Once on the green, I stood some ten feet or so from the hole and watched my other two competitors in the group play their second shots when the rules official/marshal who was walking the 18 holes with us approached me from behind and gently placed my ball that was in the water in my hand. “Here,” he whispered, “They’re too expensive to just leave in the water like that.” I turned around and thanked him and slid the ball into my pocket. One of my competitors hit a poor second shot from just off the green and his next shot took him a minute or two to survey from above the hole. Finally, it was my turn to putt. I was thrilled to roll my ten footer in for a hard earned bogey-four. “No damage done there, it’s only a bogey,” I thought as I reached down to pick up my ball from the hole. As I picked the ball out of the hole, I noticed the “E” was nearly worn off the ball from the early morning dew that was still on the course. I remember thinking to myself, “That’s odd…” and on the 7th tee I took out my blue marker and went back over the “E” so it stood out again.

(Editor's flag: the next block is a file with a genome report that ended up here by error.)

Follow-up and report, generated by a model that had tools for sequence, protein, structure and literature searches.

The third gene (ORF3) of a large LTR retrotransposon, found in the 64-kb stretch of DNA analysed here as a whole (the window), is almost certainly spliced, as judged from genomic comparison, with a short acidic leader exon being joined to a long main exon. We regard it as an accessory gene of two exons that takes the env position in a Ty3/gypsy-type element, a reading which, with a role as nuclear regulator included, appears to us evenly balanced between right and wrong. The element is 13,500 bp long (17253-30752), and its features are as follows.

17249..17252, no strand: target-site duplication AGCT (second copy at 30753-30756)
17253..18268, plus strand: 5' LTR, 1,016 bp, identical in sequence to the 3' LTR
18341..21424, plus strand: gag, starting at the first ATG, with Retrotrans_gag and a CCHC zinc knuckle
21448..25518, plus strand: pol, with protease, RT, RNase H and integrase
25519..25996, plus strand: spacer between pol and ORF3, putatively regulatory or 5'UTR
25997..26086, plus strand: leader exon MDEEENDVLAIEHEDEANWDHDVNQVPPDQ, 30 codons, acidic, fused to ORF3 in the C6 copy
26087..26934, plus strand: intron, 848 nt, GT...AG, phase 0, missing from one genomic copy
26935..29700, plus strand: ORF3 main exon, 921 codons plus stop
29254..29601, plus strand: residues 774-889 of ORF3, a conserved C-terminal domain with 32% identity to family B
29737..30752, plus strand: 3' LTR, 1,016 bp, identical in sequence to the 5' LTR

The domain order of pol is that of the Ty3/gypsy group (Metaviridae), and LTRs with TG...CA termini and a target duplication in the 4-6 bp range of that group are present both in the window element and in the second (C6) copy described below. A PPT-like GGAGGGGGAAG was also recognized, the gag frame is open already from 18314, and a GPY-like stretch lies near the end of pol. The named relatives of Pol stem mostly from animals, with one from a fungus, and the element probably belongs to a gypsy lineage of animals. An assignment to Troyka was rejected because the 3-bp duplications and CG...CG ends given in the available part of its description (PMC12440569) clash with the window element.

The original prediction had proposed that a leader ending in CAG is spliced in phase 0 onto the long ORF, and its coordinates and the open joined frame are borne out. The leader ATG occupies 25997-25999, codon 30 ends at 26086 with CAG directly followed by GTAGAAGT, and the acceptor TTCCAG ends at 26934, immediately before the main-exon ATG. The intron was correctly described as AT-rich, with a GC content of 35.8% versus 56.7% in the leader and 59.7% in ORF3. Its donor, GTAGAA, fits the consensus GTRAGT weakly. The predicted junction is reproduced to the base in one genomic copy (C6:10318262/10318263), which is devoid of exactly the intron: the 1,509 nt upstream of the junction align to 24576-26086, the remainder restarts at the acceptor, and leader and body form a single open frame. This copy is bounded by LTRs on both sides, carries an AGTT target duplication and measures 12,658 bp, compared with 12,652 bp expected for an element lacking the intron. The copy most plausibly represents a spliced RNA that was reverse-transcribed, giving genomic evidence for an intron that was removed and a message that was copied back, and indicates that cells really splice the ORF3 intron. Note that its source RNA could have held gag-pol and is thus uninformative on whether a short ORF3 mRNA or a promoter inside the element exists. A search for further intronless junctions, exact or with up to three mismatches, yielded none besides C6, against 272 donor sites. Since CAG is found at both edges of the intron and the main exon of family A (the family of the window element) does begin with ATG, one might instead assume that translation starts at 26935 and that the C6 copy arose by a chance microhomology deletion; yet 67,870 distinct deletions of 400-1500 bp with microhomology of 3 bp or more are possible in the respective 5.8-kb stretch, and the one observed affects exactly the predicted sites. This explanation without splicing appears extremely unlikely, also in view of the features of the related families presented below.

I hit a nice drive at #7 and walked out to get my ball. From a few feet away, I saw a ball with red markings on it. That wasn’t mine. I saw another ball slightly ahead of that one. It had a black line under the word “Titleist”. That wasn’t mine, either. The other drive was in the left rough. I was confused. One of my playing competitors looked at the first ball in the fairway and said, “I think this is yours…red #2 with an “E” on it, right?”
“Right. Red #2 with an “E” on it…that’s me,” I thought as I walked over and saw that it was, in fact, my golf ball.
Then it hit me.